State OK’s plans for a proton cancer treatment center in Wallingford


WALLINGFORD — A partnership between two major healthcare networks to build a state-of-the-art cancer treatment center in the city has won state approval.

After months of review, the state Office of Health Strategy last week approved an application from Yale New Haven Health and Hartford HealthCare to build and operate a proton beam cancer treatment center at 932 Northrop Road.

The approval allows the two healthcare networks doing business as Connecticut Proton Therapy Center to purchase proton beam technology that has not previously been used in the state. The 25,000 square foot center will use highly targeted radiation proton therapy rather than conventional radiation therapy to treat cancer. Proton therapy is currently only available at a handful of Northeastern facilities outside of Connecticut, according to state filings.

The partnership includes Proton International, which will provide the equipment, construction and operational functions of the future center. The Connecticut Proton Therapy Center filed its Certificate of Need application in 2019 and went through a series of in-person and virtual hearings, as well as requests for medical, financial and operational information.

“Yale New Haven Health is proud and excited to bring this highly innovative technology to patients in Connecticut and beyond,” said Christopher O’Connor, CEO of Yale New Haven Health, in a statement. “Our unprecedented collaboration with HHC will allow us to care for cancer patients in new and effective ways by bringing life-changing therapy to our state. We are grateful that the state has recognized the value of this technology to Connecticut residents and the importance of this unique collaboration.

The Office of Health Strategy recently denied a similar request from Danbury Proton Therapy, citing among other factors that it was not tied to a medical facility, according to state reports.

“This is a historic moment for cancer care in Connecticut,” Hartford HealthCare President and CEO Jeffrey A. Flaks said in a statement. “We are grateful for the state’s support for this innovative partnership with Yale New Haven Health and Proton International. Together, we are transforming healthcare. This newly established partnership will not only provide our patients and communities with access to proton therapy – one of the most clinically advanced radiation therapy treatments in the world – but it will establish Connecticut as a destination hub of ” world class” in state-of-the-art cancer care. I couldn’t be prouder of this partnership which will undoubtedly be a game-changer in the lives of cancer patients. »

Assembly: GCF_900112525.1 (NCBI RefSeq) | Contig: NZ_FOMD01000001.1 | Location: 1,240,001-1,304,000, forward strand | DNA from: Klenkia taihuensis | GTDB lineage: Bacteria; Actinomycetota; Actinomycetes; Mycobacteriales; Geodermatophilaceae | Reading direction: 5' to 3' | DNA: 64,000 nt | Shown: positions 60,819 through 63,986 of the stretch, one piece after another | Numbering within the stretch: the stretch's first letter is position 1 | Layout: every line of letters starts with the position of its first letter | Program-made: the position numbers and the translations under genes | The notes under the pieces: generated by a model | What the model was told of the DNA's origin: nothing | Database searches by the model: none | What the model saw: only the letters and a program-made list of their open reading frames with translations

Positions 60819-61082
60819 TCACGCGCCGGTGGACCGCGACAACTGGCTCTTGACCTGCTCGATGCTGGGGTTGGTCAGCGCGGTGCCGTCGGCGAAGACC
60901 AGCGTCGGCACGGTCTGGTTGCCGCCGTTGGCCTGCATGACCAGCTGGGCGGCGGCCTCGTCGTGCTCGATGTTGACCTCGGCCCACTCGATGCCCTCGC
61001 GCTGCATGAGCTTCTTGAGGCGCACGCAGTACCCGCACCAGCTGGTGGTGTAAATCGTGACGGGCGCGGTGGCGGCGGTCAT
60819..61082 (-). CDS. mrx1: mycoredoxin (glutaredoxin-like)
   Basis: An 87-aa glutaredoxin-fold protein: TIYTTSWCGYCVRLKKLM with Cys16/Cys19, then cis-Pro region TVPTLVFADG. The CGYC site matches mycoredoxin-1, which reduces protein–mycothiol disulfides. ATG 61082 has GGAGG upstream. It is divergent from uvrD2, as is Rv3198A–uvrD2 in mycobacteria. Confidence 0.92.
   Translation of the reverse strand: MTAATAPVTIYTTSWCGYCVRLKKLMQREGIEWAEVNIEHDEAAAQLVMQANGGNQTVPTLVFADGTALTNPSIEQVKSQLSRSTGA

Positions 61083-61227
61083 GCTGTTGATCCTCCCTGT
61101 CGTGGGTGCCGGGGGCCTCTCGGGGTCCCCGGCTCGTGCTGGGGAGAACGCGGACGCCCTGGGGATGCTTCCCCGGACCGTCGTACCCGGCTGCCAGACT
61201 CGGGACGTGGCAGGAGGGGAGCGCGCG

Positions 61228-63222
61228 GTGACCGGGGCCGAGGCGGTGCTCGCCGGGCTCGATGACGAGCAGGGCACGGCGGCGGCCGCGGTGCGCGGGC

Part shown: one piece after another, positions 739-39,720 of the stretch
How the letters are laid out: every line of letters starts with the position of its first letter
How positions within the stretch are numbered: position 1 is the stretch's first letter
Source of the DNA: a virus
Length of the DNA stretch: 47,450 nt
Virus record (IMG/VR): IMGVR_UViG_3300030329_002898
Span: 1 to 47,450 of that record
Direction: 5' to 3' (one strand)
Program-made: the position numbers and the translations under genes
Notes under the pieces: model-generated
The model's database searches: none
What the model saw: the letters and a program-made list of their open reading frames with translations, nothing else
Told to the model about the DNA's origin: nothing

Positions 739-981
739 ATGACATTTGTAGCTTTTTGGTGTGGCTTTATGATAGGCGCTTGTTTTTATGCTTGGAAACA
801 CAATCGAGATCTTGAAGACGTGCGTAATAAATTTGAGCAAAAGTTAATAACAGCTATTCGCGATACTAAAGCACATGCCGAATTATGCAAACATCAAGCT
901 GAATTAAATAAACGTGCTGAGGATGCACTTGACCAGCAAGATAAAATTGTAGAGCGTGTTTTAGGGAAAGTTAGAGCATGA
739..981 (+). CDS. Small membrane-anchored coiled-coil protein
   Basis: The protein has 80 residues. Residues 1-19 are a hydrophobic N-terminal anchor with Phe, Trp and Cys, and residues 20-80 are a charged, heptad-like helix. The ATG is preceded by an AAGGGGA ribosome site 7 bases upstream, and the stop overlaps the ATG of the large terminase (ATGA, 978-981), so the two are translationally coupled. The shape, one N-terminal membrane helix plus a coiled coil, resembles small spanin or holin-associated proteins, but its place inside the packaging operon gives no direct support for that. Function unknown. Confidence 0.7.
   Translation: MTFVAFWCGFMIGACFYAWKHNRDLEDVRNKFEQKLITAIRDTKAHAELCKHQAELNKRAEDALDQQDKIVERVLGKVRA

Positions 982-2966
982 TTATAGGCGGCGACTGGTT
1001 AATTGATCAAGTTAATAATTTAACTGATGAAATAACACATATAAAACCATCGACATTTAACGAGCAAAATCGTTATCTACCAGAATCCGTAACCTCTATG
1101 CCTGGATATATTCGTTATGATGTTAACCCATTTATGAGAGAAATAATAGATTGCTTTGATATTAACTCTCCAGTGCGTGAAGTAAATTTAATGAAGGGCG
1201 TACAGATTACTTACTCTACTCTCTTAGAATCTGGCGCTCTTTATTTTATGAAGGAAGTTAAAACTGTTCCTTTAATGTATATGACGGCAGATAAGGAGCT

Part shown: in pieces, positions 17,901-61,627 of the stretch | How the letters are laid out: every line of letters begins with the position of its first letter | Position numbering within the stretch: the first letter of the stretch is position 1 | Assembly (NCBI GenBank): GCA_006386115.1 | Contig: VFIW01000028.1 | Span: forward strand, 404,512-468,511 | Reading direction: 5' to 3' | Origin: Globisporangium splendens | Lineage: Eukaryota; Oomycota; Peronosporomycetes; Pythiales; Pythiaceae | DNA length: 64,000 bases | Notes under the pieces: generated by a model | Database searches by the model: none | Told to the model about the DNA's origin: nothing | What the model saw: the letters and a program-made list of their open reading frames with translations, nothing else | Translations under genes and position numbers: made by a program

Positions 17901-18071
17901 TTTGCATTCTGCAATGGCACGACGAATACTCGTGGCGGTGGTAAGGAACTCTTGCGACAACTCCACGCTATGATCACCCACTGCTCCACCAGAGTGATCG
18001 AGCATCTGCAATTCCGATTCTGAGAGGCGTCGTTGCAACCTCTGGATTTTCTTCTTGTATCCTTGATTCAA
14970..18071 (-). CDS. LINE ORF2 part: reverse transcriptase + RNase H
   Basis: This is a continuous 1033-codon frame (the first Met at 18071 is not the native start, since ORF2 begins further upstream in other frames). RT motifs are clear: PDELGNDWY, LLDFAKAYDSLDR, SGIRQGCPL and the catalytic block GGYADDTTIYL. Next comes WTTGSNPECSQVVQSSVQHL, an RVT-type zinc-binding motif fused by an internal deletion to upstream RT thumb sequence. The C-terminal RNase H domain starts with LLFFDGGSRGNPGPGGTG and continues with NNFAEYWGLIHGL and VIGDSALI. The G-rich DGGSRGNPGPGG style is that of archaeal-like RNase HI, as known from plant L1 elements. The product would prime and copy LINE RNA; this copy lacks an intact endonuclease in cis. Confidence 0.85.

Proton therapy is a type of radiation therapy that uses a beam of high-energy protons to irradiate cancer. Proponents said the main advantage over other types of radiation therapy is that the dose is more finely controlled. With a proton beam, there is less ingress, egress, and scattered radiation, so doctors can safely deliver higher doses of radiation to tumors with fewer side effects. It is considered appropriate for many solid cancerous tumors including tumors of the brain and central nervous system, eyes, gastrointestinal tract, head and neck, liver, lungs, prostate, spine and breast. It is especially beneficial for children, as they are more vulnerable to radiation damage to healthy tissue.

The Wallingford center, scheduled to open in 2025, will include the latest technology and equipment; treatment room; control room; examination rooms and clinical space. Employees will include physicians and clinical staff from Yale New Haven Health and Hartford HealthCare, as well as additional new staff.

The partnership’s rationale for choosing the Wallingford site was its central location, access to interstate highways, availability of parking, and access to nearby hotels, according to state records.

The proposed location is a 12-acre site adjacent to the Courtyard by Marriott on the Interstate 91 side of Northrop Road. Economic development specialist Timothy Ryan worked on the deal for months, but was not told who the client or end-use was, but that they needed medical office space, near I-91, with a set number of acres.

“We came up with multiple sites and the site selectors went back to the client,” Ryan said in 2019. “It’s a process of elimination, a process of shrinkage. We were competing with other cities.”

“It’s a massive project and we’re very, very happy and it’s one we can collectively celebrate…and the (Economic Development) Commission is the one that paved the way for this,” Ryan said last week. .

Although the new therapy would save patients from having to travel to Boston or New York for proton therapies, costs to Medicaid consumers and patients were a big part of the approval process. Under the agreement, Connecticut Proton Therapy must become a Medicaid provider, obtain payment guarantees from providers, and implement a financial assistance policy. The cost of a five-week series of treatments is estimated at $73,000, but promoters suggest the therapy could reduce the number of treatments and hospitalizations needed.

“The idea of ​​hospitals sharing high-cost technology is potentially good for consumers, especially if the alternative is to charge Connecticut patients for two separate but not fully utilized high-cost facilities,” said Ted Doolittle, health care advocate for the state of Connecticut. . “However, these partnerships must be subject to ongoing, ongoing pricing review by regulators to ensure the partners are not charging unwarranted prices for these expensive therapies.”

Journalist Mary Ellen Godin can be reached at [email protected]


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